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Pablo Martinez Monsivais / AP

Neil Gorsuch took on controversial topics such as Roe v Wade, sex discrimination and gun rights in a marathon session before the Senate Judiciary Committee. He also said attacks on the judiciary by anyone (including President Trump) were "demoralizing".

Highlights from day two of his confirmation hearings:

  • On Roe v. Wade: "The holding of Roe v. Wade…is that a woman has a right to an abortion." He said if Trump had asked him to overturn Roe he "would've walked out," but said they did discuss the case.
  • On gay marriage: Gorsuch sidestepped, since "there's ongoing litigation" on the matter.
  • On asking women employees and not men about pregnancy plans: "It is highly inappropriate," but would not say it constitutes sex discrimination. Allegations that Gorsuch said women abuse maternity leave before quitting to raise their children led to this exchange:
  • On surveillance of Americans: He said he doesn't exactly agree that POTUS has the right to surveil Americans, despite having written a defense of Bush's NSA surveillance.
  • On whether the President can authorize torture: "Nobody is above the law, and that includes the President."
  • On physician assisted suicide: Gorsuch does not support it.
  • On gun rights: "It's not a matter of me agreeing or disagreeing, it's a matter of the law," said Gorsuch, indicating that he'd uphold the landmark Heller decision.
  • On campaign finance: Gorsuch cited Buckley v. Valeo, which says limits on campaign spending are unconstitutional.
  • On the Chevron Doctrine: He said it's up to the judicial branch to interpret the law, not government agencies.

Also of note:

  • Gorsuch noted that 99% of the time he has ruled in the majority, and is rarely reversed by SCOTUS: "My opinions have attracted the fewest number of dissents from my colleagues."
  • Al Franken, however, said Gorsuch's opinion in one case (TransAm Trucking v. Administrative Review Board) was absurd: "I know it when I see it…it makes me question your judgement."

Go deeper

Inhofe loudly sets Trump straight on defense bill

Sen. Jim Inhofe speaks with reporters in the Capitol last month. Photo: Samuel Corum/Getty Images

Senator Jim Inhofe told President Trump today he'll likely fail to get two big wishes in pending defense spending legislation, bellowing into his cellphone: "This is the only chance to get our bill passed," a source who overheard part of their conversation tells Axios.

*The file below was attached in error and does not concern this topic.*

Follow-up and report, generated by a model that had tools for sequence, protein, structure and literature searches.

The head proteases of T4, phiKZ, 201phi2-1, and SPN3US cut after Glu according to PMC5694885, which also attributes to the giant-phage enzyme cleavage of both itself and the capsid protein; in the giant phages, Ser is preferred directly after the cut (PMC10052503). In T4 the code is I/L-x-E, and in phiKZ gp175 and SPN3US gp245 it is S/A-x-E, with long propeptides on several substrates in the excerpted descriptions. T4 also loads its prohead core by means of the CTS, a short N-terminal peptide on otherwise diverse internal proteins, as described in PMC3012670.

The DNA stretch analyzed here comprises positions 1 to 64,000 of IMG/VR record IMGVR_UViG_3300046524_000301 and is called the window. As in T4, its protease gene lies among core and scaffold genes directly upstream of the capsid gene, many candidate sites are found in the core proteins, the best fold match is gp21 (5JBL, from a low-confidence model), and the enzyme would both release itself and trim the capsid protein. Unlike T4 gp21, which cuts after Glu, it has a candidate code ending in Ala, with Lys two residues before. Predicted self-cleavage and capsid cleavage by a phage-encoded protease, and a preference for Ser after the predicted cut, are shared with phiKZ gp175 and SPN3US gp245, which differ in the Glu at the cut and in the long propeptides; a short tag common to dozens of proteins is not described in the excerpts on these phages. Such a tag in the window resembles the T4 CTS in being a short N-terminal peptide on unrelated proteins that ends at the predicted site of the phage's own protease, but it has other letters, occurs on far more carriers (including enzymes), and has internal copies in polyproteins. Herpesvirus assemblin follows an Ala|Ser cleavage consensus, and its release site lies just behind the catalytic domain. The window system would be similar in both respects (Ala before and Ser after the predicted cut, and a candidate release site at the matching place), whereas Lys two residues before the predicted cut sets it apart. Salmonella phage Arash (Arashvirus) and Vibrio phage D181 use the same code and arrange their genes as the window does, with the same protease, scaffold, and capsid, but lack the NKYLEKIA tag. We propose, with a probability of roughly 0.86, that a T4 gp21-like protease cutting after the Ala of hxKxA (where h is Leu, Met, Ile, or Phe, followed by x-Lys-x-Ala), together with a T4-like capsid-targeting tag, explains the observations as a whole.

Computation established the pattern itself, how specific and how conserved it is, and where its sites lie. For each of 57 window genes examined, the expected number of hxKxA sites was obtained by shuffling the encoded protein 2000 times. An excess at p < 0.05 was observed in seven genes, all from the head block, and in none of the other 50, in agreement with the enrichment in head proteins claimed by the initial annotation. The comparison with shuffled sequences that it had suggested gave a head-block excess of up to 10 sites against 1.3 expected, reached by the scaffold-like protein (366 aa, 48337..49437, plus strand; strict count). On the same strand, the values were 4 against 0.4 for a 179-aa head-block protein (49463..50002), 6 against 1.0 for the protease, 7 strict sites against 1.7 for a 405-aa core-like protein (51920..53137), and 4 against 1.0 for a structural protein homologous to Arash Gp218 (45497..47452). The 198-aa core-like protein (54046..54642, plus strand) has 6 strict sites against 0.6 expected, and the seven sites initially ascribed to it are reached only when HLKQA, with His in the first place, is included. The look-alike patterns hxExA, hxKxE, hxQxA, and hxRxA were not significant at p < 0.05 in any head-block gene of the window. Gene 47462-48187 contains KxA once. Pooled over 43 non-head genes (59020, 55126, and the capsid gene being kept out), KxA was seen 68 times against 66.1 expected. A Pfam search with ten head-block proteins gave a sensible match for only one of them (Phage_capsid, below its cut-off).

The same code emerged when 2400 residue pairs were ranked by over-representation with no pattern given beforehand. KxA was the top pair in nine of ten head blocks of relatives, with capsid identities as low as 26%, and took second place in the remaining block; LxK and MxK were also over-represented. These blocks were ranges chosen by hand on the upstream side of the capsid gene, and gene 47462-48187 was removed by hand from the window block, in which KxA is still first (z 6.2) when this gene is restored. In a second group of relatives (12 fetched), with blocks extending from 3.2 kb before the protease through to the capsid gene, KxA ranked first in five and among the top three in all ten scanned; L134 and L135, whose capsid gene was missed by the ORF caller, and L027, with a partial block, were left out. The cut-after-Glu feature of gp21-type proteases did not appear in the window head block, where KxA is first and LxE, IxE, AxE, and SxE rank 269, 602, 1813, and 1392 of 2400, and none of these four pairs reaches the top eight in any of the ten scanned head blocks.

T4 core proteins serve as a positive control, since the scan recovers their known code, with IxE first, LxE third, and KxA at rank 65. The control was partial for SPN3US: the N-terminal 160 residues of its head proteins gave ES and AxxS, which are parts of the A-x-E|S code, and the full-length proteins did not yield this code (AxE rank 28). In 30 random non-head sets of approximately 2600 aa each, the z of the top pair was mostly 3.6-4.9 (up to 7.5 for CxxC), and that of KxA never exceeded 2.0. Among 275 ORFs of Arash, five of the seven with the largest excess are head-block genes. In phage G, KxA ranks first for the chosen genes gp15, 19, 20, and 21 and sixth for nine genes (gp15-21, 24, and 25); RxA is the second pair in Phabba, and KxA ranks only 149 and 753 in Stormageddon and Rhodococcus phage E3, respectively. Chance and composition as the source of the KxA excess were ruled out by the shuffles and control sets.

Why it matters: Republicans are ready to test whether Trump's threats of vetoing the bill, which has passed every year for more than half a century, are empty.

Conspiracy theories blow back on Trump's White House

Sidney Powell. Photo: Tom Williams/CQ-Roll Call, Inc via Getty Images

President Trump has rarely met a conspiracy theory he doesn't like, but he and other Republicans now worry the wild tales told by lawyers Sidney Powell and Lin Wood may cost them in Georgia's Senate special elections.

Why it matters: The two are telling Georgians not to vote for Republicans David Perdue and Kelly Loeffler because of a bizarre, baseless and potentially self-defeating theory: It's not worth voting because the Chinese Communist Party has rigged the voting machines.

Bolton lauds Barr for standing up to Trump

John Bolton. Photo: Jabin Botsford/The Washington Post via Getty Images

John Bolton says Attorney General Bill Barr has done more to undercut President Trump's baseless assertions about Democrats stealing the election than most Senate Republicans by saying publicly that the Justice Department has yet to see widespread fraud that could change the election's outcome.

What he's saying: “He stood up and did the right thing," Bolton said in a Wednesday phone interview.